Prader-Willi syndrome is caused by genetic changes on an "unstable" region of chromosome 15 that affects the regulation of gene expression, or how genes turn on and off. This part of the chromosome is called unstable because it is prone to being shuffled around by the cell's genetic machinery before the chromosome is passed on from parent to child.
The genetic changes that cause Prader-Willi syndrome occur in a portion of the chromosome, referred to as the Prader-Willi critical region (PWCR), around the time of conception or during early fetal development.1 This region was identified in 1990 using genetic DNA probes. Although Prader-Willi syndrome is genetic, it usually is not inherited and generally develops due to deletions or partial deletions on chromosome 15.
Specific changes to the chromosome can include the following:
- Deletions. A section of a chromosome may be lost or deleted, along with the functions that this section supported. A majority of PWS cases result from a deletion in one region of the father's chromosome 15 that leads to a loss of function of several genes.2 The corresponding mother's genes on chromosome 15 are always inactive and thus cannot make up for the deletion on the father's chromosome 15. The missing paternal genes normally play a fundamental role in regulating hunger and fullness.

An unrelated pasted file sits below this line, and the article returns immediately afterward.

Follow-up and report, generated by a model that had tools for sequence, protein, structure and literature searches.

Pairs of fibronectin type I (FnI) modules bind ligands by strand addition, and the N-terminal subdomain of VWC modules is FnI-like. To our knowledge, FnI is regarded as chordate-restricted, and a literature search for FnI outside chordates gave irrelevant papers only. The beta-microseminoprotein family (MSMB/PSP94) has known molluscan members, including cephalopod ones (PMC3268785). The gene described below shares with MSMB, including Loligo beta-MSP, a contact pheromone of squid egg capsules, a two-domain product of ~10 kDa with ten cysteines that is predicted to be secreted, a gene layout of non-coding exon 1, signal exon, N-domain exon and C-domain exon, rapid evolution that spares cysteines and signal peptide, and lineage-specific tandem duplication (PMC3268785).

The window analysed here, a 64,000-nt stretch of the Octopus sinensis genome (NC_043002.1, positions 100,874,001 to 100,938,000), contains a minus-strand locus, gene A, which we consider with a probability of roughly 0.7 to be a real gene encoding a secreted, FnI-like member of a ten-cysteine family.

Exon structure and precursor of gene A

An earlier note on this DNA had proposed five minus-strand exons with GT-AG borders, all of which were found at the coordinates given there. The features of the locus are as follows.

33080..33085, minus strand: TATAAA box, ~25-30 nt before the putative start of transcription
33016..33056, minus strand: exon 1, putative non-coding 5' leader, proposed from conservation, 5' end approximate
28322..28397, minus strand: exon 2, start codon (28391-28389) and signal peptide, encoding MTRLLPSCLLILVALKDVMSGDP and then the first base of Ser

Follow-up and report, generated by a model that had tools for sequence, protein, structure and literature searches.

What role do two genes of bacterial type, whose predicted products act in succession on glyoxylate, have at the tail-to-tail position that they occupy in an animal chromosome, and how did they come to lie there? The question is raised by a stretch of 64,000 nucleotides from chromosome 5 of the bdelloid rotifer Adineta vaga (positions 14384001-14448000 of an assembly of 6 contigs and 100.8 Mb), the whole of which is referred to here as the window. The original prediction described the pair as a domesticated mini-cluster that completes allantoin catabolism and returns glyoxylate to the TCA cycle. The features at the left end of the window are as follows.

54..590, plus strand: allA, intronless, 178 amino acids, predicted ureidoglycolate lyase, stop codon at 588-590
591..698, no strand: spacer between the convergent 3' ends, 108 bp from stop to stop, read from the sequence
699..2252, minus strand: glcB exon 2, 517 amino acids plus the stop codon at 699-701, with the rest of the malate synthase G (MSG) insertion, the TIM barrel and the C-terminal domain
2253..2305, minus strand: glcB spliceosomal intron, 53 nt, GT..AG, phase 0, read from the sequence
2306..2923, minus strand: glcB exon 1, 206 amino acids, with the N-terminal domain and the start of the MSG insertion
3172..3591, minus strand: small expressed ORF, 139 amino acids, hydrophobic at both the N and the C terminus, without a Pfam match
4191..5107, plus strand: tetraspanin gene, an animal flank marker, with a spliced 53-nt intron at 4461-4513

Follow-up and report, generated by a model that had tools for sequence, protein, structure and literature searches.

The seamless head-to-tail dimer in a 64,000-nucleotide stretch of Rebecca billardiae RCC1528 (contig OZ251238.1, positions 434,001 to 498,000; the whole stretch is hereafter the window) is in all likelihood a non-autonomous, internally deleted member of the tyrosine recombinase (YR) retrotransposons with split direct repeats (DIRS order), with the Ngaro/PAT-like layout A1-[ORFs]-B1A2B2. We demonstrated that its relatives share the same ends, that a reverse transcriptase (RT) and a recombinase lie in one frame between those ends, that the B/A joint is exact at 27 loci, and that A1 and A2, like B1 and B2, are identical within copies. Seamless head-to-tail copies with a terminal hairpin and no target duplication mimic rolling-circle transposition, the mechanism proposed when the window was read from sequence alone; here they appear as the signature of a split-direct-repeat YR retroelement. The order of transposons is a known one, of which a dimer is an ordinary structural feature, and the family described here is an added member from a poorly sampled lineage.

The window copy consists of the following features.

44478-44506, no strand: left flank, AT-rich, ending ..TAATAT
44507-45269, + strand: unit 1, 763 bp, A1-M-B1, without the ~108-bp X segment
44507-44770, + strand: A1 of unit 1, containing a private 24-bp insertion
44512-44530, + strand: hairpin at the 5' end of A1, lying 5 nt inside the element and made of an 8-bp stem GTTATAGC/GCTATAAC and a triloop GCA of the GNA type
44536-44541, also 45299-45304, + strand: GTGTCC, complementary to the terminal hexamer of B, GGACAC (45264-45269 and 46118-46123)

- Maternal uniparental disomy (pronounced yoo-nuh-puh-REN-tl DAHY-soh-mee). A cell usually contains one set of chromosomes from the father and another set from the mother. In ordinary cases, a child has two chromosome 15s, one from each parent. In around one-fourth of PWS cases, the child has two copies of chromosome 15 from the mother and none from the father. Because genes located in the PWCR are normally inactive in the chromosome that comes from the mother, the child's lack of active genes in this region leads to PWS.2
- An imprinting center defect. Genes in the PWCR on the chromosome that came from the mother are normally inactivated, due to a process known as "imprinting" that affects whether the cell is able to "read" a gene or not. In a small percentage of PWS cases, the chromosome 15 inherited from the father is imprinted in the same way as the mother's. This can be caused by a small deletion in a region of the father's chromosome that controls the imprinting process, called the imprinting center.3 In these cases, both of the child's copies of chromosome 15 have inactive PWCRs, leading to Prader-Willi syndrome.2